Both Martin Gaite and Matute have produced long novels which either adapt the title and content of well-known fairy tales or have written their own extensive novels employing fairy-tale elements. Both also have written shorter fairy tales of their own, more usual lengths for the genre. Matute's career as a writer of fairy tales began when she was five years old, as attested in a recently published collection of her juvenilia, Cuentos de infancia with nine stories

70 Volume 8.1 & 8.2 Spting & Fall 2008 written between the ages of five and fourteen, with her own colored illustrations (several more mature tales are included in the collection of juvenilia donated by the author to the Ana Maria Matute Foundation at Mogar Library of Boston University). Already in the first story, "El y el niiio," readers can detect the characteristic tripartite division typical of many fairy tales (three repetitions of the same or almost identical episodes), but with a different outcome the third time. The duende, while not strictly a fairy, represents the same magical realm, and the brief story offers a kind of moral lesson, teaching the child not to be so lazy, as he eventually loses his wish because he is so slothful that he does absolutely nothing to cooperate, for which reason the duende calls him stupid, denies his wish, and tells him this will continue to happen unless he stops being lazy-a lesson which the child takes to heart. It very much resembles some didactic tales of Andersen and the Grimms, anticipating fairy tales written by Matute at several later stages in life. Another tale, "Figuras geometricas," written at the age of ten, is "magic" in that the shapes in the schoolroom come to life at night, talking, walking and playing with other toys. This tale anticipates one written many years later, El pais de la pizarra, the first of a series of books written for her son when he began learning to read. As an adult, she wrote numerous books for children, including several fairy tales, many without fairies, but with other "little people" (gnomes or elves), and elements of magic and fantasy, including talking animals.7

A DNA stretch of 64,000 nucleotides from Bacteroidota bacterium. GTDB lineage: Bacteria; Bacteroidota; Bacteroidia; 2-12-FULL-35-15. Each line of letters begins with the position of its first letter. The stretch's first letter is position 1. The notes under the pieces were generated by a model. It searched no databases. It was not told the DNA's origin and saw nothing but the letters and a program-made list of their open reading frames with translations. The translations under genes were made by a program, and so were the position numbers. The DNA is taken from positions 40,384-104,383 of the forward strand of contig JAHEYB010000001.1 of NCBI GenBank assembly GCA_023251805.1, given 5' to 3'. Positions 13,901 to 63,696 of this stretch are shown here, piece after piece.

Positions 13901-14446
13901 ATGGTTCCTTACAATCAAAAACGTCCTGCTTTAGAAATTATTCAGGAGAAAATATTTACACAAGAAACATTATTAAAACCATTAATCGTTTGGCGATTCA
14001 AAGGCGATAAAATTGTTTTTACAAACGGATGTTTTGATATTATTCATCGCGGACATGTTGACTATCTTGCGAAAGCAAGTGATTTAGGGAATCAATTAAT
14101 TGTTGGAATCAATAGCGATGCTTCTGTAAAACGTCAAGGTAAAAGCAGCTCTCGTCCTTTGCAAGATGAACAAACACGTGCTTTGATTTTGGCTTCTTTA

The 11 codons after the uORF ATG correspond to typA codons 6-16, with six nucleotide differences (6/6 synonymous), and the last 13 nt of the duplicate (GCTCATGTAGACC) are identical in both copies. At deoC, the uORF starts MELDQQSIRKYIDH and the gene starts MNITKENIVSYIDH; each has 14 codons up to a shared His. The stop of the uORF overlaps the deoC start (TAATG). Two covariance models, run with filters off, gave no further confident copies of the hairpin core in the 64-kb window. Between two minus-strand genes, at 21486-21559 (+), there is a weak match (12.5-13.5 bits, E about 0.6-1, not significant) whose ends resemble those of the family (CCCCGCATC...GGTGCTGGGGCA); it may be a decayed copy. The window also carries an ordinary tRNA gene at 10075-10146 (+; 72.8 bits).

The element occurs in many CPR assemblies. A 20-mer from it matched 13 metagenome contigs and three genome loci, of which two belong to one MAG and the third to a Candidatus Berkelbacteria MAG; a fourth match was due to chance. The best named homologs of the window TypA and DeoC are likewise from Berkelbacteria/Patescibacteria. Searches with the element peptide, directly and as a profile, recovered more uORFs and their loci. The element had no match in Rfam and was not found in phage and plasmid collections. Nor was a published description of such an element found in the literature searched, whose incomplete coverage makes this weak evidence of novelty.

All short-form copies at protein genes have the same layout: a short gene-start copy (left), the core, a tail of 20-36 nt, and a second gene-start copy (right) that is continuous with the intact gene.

Carmen Martin Gaite (hereafter M-G) has also written original fairy tales whose implied readership is adolescent girls: El castillo de las tres mural/as (1981), El pastel de/ Diablo (1985}- later published jointly as Dos cuentos fantasticos (1986}-and Caperucita en Manhattan (1990). Her active cultivation of fairy-tale themes culminates with La Reina de las Nieves (1994), a lengthy novel for adults whose title is the work's most visible fairy-tale element. None have fairies, and only the first employs the fairy tale's characteristic settings, unreal time, and structural use of the number three. M-G responds to feminist calls for women writers to create alternative gender models for girls-autonomous, energetic, positive, courageous girls with dreams and ambitions, independent women who establish careers for themselves-models that contrast with the passive, submissive, home-centered (and quietly frustrated) gender types promulgated by the dictatorship. Realism predominates: the only fantastic elements appear in El Castillo and involve the dozen

71 A JovRNAL OF TI-IE CEFIRO GRADVATE SruDENT ORGANIZATION brunas (moat monsters resembling gigantic rats) into which the abusive lord of the castle-representative of the patriarchy, tyrannical husband-father and jailer of both wife and daughter, blended with the stereotypical miser-eventually metamorphoses. In a parodic reversal of commonplaces of the genre, abuse comes not from the witch stepmother but the ogre father, departing from the dictatorship's idealized image of the "sagrada familia." Castillo portrays abuse of wife and child by the patriarch, an ogre-like miser who-still worse for conservative Spanish society-becomes a cornudo when his wife runs away with the daughter's music teacher. Not the slightest concession to magic or fantasy appears in either El pastel de/ Diab/o or Caperucita en Manhattan, both of which are set in contemporary time and realistic spaces, the first in a small village in Spain, the other in New York City. Time and location are unspecified as is typical of mythic and fairy-tale time-in El Castillo while M-G employs realism's "here and now" in the other two.